After completing the class, I did some additional study since my course was the "light" version intended for students in the allied health fields (as opposed to majors.) I thought the "For Dummies" book and workbook were fun and useful.

And that's my last tip. Don't be afraid of o-chem. Make it as fun as possible. (Yes, it can be fun.) Think of it as a Sudoko or a crossword puzzle or building models.

You can do it!

Flashcards. Peer tutors. Find a classmate who gets it and become their study buddy. Record yourself saying the material and listen to the recordings while driving, walking, sleeping, exercising, etc. Buy a dry erase board and pretend like you're teaching your own class. Being able to teach the subject to someone else reinforces the lesson in your head, and also makes you understand and memorize it so much better. Nothing is too extreme when it comes to learning chemistry and biology. Khan Academy is also a great internet source for learning chemistry.

SeattleJess

Specializes in None yet..

Flashcards. Peer tutors. Find a classmate who gets it and become their study buddy. Record yourself saying the material and listen to the recordings while driving, walking, sleeping, exercising, etc. Buy a dry erase board and pretend like you're teaching your own class. Being able to teach the subject to someone else reinforces the lesson in your head, and also makes you understand and memorize it so much better. Nothing is too extreme when it comes to learning chemistry and biology. Khan Academy is also a great internet source for learning chemistry.

Excellent! I love the idea of recording myself explaining the material and listening while driving and exercising. This will make my several hours of weekday commuting to nursing school an asset instead of a liability. Thank you, kcsunshine!

Excellent! I love the idea of recording myself explaining the material and listening while driving and exercising. This will make my several hours of weekday commuting to nursing school an asset instead of a liability. Thank you, kcsunshine!

No problem. :) Listen ESPECIALLY when you're exercising or walking. Your brain retains information easier when your body is in motion.

Sorry you are going through so much anxiety. I have my fair share of stress and anxiety when I have to learn something new. You have to accept that there will be times where you feel like you don't have it in you to grasp a new concept and the mountain may seem too tall. First off, it is okay to not grasp something right away, that is normal. We are programmed to believe that we must pick up a new concept or lesson immediately, and that simply is not true. Our brains are meant to struggle a bit as it works learn learning something new. Can you imagine how boring life would be if you knew how to do everything with ease? We'd never experience the amazing feeling one gets after they have pushed through learning and then eventually grasping, or even mastering something they never thought was humanly possible.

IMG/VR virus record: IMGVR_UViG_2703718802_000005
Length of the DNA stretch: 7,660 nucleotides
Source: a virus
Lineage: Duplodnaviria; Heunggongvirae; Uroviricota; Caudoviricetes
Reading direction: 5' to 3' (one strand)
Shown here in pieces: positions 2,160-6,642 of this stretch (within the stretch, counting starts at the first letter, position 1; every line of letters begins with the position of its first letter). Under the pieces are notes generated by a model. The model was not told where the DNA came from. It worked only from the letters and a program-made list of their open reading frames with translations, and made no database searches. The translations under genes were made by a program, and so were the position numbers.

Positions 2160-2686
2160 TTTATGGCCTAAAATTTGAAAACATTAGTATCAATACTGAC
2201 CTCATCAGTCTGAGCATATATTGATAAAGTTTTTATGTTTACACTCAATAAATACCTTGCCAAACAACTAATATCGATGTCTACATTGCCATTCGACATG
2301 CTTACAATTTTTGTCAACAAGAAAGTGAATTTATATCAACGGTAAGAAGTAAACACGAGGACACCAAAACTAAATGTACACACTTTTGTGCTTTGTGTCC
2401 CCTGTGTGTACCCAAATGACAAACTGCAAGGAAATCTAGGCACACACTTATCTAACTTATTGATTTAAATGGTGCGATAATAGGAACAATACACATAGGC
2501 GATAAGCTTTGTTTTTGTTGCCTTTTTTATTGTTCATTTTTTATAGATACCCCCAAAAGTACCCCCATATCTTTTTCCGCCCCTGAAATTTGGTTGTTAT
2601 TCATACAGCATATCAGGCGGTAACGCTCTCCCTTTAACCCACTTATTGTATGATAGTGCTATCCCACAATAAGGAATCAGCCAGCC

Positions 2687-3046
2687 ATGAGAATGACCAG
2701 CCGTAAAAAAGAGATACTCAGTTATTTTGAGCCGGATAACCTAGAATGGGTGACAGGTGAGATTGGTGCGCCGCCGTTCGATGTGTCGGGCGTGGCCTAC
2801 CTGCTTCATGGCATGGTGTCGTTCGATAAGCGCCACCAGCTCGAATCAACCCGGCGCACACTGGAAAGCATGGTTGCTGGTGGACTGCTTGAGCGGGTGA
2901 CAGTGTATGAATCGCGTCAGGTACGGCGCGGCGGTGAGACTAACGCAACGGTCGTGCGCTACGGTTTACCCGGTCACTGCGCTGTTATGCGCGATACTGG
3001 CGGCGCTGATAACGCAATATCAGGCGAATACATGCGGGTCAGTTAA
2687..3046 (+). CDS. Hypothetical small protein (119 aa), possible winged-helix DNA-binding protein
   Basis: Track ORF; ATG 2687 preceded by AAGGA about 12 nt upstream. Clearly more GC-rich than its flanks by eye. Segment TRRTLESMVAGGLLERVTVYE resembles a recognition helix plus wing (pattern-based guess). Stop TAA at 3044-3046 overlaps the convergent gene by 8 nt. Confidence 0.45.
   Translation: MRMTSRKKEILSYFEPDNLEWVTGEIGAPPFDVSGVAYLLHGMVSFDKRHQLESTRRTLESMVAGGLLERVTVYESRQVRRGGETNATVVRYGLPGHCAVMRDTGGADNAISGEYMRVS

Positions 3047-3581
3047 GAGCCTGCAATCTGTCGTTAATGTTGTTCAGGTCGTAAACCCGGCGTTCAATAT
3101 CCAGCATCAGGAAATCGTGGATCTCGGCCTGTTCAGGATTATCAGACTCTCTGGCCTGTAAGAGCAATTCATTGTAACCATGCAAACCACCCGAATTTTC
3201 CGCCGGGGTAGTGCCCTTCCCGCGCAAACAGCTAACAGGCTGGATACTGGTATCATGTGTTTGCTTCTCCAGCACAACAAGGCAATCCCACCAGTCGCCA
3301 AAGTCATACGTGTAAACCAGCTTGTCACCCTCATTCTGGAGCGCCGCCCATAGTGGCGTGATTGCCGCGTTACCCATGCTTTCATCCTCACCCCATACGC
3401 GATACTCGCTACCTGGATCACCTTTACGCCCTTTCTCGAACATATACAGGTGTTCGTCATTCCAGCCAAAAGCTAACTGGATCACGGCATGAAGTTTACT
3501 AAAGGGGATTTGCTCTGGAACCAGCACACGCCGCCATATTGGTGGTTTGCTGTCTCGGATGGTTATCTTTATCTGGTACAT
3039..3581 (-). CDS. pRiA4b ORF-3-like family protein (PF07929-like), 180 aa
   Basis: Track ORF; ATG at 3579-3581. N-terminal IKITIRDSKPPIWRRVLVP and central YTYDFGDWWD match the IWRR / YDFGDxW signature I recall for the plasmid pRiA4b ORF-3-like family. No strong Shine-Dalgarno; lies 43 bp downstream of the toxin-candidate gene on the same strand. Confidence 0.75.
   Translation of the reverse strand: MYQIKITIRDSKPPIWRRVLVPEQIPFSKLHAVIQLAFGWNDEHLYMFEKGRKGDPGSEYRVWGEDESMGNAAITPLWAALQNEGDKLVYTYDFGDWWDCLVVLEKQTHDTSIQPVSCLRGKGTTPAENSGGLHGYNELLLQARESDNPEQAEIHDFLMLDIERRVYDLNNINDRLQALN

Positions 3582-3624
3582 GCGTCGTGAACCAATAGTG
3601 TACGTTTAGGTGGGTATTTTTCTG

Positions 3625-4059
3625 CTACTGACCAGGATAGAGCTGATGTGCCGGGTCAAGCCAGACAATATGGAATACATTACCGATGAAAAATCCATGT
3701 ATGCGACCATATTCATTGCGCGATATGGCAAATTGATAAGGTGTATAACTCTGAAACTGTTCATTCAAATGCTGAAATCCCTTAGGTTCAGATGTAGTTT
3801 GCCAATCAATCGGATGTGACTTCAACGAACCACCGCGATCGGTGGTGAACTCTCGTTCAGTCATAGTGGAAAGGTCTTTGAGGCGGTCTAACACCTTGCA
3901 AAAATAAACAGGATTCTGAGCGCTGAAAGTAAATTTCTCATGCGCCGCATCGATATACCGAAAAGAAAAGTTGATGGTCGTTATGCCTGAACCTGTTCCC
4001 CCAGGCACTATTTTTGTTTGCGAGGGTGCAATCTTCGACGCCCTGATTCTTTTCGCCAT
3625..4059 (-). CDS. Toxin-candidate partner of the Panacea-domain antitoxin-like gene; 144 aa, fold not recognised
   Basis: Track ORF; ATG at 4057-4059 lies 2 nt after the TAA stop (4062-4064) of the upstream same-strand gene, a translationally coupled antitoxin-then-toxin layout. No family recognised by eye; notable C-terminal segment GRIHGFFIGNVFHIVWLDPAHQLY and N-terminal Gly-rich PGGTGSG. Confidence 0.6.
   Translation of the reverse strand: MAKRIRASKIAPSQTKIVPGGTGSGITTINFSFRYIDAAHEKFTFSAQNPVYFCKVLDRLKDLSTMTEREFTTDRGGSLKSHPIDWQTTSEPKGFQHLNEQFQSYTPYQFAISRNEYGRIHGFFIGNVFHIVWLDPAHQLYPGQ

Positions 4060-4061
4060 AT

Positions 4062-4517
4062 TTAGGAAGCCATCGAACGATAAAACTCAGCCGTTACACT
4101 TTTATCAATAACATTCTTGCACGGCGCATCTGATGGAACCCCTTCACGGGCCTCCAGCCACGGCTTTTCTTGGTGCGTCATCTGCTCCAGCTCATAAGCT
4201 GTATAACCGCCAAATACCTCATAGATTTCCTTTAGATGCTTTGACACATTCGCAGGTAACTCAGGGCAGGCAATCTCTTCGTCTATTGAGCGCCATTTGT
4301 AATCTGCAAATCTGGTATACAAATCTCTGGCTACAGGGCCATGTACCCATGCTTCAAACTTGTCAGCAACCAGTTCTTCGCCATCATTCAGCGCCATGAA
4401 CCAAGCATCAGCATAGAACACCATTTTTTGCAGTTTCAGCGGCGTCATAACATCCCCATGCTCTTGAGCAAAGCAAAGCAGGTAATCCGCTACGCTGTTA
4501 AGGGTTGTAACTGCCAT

You have to work like you've never worked before and study like you've never studied before. This path is not easy and I respect that! Go to youtube and search You Can Learn Anything, by Khan Academy. The video is so heartwarming AND uplifting and explains it all.

Good luck! YOU CAN DO IT!

Ok, first things first, CALM DOWN! We've all had those freak out classes. No worries. Find out what works best for you. I personally do best when I scramble all that I can down on in lecture and listen. I make sure to even write the little side comments I say to myself that help me better understand the material, but otherwise wouldn't make sense to anyone else. Then I go home and rewrite everything much neater in separate notebook (side notes included). I call that my "let me see" notebook, for when people ask to see your notes that's the one that you show them. I also took that one to school on test days to review before exams. Also draw draw DRAW! I became the next Di Vinci drawing diagrams. And a last tid-bit... ok this might seem... weird, but it worked. I would sing my notes. Like I would make up a song covering important points to the tune of songs I already loved. Then during the test I would hum the song and it would all come back to me. And if it was a really large point or something that required a direction of flow or something... I would make up a little dance.:roflmao: Anything I could do while sitting down, mainly hand gestures, to go with the song. Don't judge me! It worked for me! I say all this to say don't freak out, just find out what works for you. Try looking back at classes you did really well on and see what you did in those. And if that still doesn't work... and 5!...6!...7!...8...